Outpouring of Support Greets Elizabeth Edwards Following Admission of Affair

There were many questions to ask about John Edwards on Friday after he admitted he'd had an affair. But the most poignant ones weren't really about him.

What, so many people wondered, about his wife, Elizabeth? The woman who experienced both tragedy and success by his side, who campaigned relentlessly for him, and who's now battling incurable cancer? How was she doing? And if she had indeed forgiven him, should everyone else do the same?

Diane Helbig, for one, was in no mood to forgive.

"I think it's the meanest thing that could ever have happened to her," said Helbig, 47, a business development coach from Lakewood, Ohio. "Meaner than getting cancer, which is not controllable."

Betrayal on top of illness, she said, was like "adding garbage to garbage. I just don't understand how someone who professes to love somebody can do this."

Edwards acknowledged Friday that he'd had an affair with a former campaign aide, Rielle Hunter, in 2006 and that he'd lied repeatedly about it. In an interview with ABC News, he denied, though, that he was the father of her baby girl, Frances Quinn, although he said he hadn't taken a paternity test. In a statement, he said he told his family about the affair in 2006.

And in her own statement later Friday, his wife answered many questions herself, saying that her husband had made a bad mistake in 2006, that the family had then begun "a long and painful process," and that she and the rest of the family stood behind Edwards. She made a heartfelt appeal for privacy and decried the "hurtful and absurd lies" wrongly alleging, she said, that her husband had fathered a child outside the marriage.

"Although John believes he should stand alone and take the consequences of his action now, when the door closes behind him, he has his family waiting for him," her statement said.

That Elizabeth Edwards might have known, and for a long while, didn't diminish the admiration Ellen Gerstein, a New York marketing director, feels for her.

"You know what — she's still really bright and I still have a lot of respect for her," said Gerstein, 40, of Ardsley, N.Y. — though she added that sticking by her husband under those circumstances was "not a choice I would be making."

Gerstein met Elizabeth Edwards, who is 59, after a speech the candidate's wife made last year at a bloggers' conference. "She was smart, witty and charming," Gerstein said. "My heart goes out to her. She shouldn't have to deal with this, after all she has been through, from the loss of her son, Wade, to her brave battle against cancer." Wade Edwards was killed at age 16 in a car accident in 1996.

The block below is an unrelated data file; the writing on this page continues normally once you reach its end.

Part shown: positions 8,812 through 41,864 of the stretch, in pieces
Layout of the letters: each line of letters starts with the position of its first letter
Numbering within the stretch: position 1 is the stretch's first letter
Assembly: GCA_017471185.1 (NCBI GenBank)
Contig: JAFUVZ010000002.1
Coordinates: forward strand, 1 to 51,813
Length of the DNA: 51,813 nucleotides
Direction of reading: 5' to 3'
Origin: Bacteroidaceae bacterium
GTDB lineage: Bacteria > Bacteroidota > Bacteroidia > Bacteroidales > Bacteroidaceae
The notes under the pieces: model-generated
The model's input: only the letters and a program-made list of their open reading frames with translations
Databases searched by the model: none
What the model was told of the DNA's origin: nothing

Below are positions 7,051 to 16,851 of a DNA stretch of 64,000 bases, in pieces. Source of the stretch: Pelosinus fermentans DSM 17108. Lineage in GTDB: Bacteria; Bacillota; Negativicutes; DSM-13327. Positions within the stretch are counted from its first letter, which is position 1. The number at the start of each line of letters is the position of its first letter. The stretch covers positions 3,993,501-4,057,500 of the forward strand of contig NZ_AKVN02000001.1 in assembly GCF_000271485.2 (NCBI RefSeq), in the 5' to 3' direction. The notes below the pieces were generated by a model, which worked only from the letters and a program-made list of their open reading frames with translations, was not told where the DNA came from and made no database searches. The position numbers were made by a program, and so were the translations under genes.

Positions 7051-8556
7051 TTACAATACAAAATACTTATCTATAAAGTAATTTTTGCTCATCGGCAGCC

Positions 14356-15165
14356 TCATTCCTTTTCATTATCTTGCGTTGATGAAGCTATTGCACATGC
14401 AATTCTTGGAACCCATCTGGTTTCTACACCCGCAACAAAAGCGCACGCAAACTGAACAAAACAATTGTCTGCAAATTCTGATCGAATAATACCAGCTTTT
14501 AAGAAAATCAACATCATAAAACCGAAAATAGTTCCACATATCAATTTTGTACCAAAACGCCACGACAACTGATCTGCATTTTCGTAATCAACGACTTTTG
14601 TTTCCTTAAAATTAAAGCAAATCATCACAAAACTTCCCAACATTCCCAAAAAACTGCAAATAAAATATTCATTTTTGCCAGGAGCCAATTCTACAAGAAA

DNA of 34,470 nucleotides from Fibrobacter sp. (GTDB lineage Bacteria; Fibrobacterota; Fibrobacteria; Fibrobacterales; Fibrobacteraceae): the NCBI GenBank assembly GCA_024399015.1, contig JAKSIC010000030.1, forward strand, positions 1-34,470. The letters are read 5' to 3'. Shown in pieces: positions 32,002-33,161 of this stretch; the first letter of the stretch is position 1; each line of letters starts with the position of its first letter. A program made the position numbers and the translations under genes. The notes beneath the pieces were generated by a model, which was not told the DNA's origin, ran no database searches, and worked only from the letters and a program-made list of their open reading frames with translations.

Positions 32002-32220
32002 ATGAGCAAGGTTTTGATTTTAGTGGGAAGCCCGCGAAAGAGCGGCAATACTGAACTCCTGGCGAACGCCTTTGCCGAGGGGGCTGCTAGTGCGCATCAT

A few of those interviewed felt they — and we — shouldn't be judging the actions of either husband or wife, because their personal life was just that: personal.

"I don't think it's anyone else's business what's going on in their marriage," said Joanna Coles, editor in chief of Marie Claire, the women's magazine. "I feel for Elizabeth Edwards, and I also feel that she's the only person allowed to make any judgment in this situation."

If she had forgiven her husband and moved on, Coles added, that also would be her own business — and not, incidentally, an unusual response. "Sometimes affairs make a marriage stronger," Coles said. "Just because there has been an affair doesn't mean you don't have a strong marriage."

Psychiatrist Gail Saltz, who has counseled many couples through infidelity, concurred. "Marriages survive infidelity when both decide to repair and forgive," said Saltz. "The biggest sufferer will be that child."

Edwards said in an interview with "Nightline" Friday that his wife had indeed forgiven him, and he was going to move on. Asked if his marriage would survive, he said: "Oh yeah. I think our marriage will not only survive, it will be strong."

And yet Elizabeth Edwards did not appear with her husband for the interview. Edwards said he'd asked her not to, because "she should not be involved in protecting me from whatever the consequences of this are."

In March, many wondered why then-Gov. Eliot Spitzer's wife, Silda, stood by his side at the podium not once but twice — first as he apologized, then when he resigned. Spitzer had just been caught in a prostitution scandal that cost him his job.

Carla Young, 25, felt that while the Edwardses were entitled to their privacy — no matter how they've decided to handle this — she herself could not countenance the dishonesty she felt Edwards displayed in lying.

"OK, tell reporters it's none of their business, but don't lie," said Young, who works in accounting at the University of Texas. "Is he lying about the baby being his, as well?"

Along with the sympathy for Elizabeth Edwards came equally ardent sympathy for her three children — Cate, 26, Emma Claire, 10, and Jack, 8.

"This informs what Cate will know about relationships with men," said Helbig, the Ohio business coach. "It informs how she will deal with her own relationships with men."

And Louis Columbus, who works in business development in Orange, Calif., was stunned that Edwards didn't look ahead to the potential impact on his children.

"This is a smart guy, an attorney," he said. "What amazes me is that he doesn't see how this action is going to reverberate not only through his marriage. Now it's going to touch his kids forever."